With over 75,000 CFP certificants, having an advanced designation is not the differentiator it once was in the marketplace. Instead, the successful growth of CFP certification, along with rising consumer awareness of the CFP marks, is turning the CFP into a minimum standard to be recognized as a professional, and those who really want to differentiate must pursue even most “post-CFP” certification instead.
In this week’s #OfficeHours with @MichaelKitces, my Tuesday 1PM EST broadcast via Periscope, we explore whether getting a PhD in personal financial planning is a good way to differentiate as an advanced practitioner… or rather, why a financial planning PhD is probably a bad idea for even sophisticated financial advisors.
Because the reality is that a financial planning PhD is really not just the ultimate advanced designation in financial planning. It’s really a research degree, with content that teaches students how to actually do real research, applying proper research methods and conducting the appropriate statistical analyses. A financial planning PhD doesn’t actually teach much at all about how to do financial planning; in fact, most of the PhD programs will expect candidates to have already learned that before applying (and/or may have to take “pre-doctoral” courses just to get the requisite education first).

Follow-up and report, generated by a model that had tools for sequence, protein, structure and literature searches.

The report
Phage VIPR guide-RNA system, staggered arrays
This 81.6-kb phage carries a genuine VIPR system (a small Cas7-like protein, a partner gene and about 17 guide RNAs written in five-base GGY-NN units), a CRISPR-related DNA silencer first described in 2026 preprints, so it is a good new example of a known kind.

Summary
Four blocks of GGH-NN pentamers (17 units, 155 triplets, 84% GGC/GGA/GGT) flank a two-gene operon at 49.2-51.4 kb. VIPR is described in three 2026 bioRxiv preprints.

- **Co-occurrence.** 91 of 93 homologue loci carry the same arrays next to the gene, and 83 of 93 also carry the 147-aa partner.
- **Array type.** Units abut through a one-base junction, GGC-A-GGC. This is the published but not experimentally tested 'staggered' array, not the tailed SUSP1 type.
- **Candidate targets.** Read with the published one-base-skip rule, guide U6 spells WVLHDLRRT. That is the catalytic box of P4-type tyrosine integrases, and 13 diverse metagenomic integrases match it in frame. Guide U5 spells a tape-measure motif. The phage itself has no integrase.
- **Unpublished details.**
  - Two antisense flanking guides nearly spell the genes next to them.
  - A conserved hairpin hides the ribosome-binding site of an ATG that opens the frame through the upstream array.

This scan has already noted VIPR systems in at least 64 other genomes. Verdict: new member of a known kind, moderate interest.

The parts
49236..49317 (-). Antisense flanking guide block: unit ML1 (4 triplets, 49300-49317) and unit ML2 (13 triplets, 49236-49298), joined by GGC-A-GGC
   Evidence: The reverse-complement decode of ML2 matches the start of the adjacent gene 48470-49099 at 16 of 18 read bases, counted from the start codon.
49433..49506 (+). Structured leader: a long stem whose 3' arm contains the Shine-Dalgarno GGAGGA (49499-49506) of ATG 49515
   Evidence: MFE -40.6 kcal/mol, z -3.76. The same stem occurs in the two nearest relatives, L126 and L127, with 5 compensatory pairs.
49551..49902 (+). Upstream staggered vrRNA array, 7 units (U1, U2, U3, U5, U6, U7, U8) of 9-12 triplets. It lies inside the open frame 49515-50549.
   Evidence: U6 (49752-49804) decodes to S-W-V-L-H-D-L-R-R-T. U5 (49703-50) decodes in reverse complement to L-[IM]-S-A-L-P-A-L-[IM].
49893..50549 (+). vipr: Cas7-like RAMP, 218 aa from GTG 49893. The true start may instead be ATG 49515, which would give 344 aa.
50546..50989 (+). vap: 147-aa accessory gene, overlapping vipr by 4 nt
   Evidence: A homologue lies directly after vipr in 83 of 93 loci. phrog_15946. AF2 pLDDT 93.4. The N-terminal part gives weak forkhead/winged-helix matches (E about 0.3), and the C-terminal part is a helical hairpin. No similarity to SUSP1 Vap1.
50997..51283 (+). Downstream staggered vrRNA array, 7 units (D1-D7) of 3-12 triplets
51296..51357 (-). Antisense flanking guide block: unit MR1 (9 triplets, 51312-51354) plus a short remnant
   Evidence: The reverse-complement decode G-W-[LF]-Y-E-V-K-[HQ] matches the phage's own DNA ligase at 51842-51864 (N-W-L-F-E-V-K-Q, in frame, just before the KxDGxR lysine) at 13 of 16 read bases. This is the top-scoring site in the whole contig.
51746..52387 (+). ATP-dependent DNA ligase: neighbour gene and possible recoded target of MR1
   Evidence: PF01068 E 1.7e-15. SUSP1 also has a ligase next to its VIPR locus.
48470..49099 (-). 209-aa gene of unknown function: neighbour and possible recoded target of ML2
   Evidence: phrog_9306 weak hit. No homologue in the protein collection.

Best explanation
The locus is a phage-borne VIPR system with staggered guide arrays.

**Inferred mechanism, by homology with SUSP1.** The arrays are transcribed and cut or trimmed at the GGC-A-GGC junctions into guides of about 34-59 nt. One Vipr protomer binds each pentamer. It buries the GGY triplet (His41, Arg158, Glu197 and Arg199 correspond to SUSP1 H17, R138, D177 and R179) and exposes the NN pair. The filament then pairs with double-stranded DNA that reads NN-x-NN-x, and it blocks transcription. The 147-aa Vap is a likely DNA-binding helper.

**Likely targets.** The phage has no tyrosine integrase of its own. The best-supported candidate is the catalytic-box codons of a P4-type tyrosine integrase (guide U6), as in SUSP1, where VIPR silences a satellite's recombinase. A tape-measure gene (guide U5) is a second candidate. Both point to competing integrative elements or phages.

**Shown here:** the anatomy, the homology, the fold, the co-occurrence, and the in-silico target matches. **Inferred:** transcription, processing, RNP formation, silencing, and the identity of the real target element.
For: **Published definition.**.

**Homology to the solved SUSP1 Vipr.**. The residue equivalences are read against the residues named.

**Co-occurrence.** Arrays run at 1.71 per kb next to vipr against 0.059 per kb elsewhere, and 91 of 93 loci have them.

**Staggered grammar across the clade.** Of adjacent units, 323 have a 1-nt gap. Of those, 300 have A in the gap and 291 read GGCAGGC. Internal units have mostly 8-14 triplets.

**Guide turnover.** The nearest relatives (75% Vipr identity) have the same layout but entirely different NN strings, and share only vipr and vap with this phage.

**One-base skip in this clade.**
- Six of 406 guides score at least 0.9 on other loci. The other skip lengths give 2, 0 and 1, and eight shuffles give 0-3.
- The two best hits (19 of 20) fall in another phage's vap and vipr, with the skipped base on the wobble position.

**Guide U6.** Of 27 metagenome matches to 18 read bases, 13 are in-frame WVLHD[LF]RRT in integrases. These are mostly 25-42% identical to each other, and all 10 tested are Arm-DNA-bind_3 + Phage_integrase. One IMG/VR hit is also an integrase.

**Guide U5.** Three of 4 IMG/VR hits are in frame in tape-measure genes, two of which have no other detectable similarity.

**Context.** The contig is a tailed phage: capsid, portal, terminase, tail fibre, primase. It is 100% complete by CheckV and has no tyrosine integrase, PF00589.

Instead, the real purpose of getting a PhD in financial planning is to teach financial planning (at a higher education institution), or to do real research in financial planning. The good news is that there are a growing number of opportunities in both – in fact, the whole purpose of the origin $2,000,000 seed grant that the CFP Board made to Texas Tech’s personal financial planning PhD program in 2000 was specifically to help create financial planning PhDs who could go create and teach in other financial planning PhD programs (which is exactly what happened). And there is certainly no shortage of applied financial planning research opportunities.
But the bottom line is simply to recognize that practitioners who want “advanced” financial planning designations should seek out post-CFP designation programs, or perhaps a Master’s in Financial Planning. But a PhD is not just a more advanced designation; it’s really a teaching and research degree, and is best suited for those who really want to teach and do research, either in lieu of becoming a financial planning practitioner, or perhaps as a second career for those practitioners who are ready for a fresh new challenge!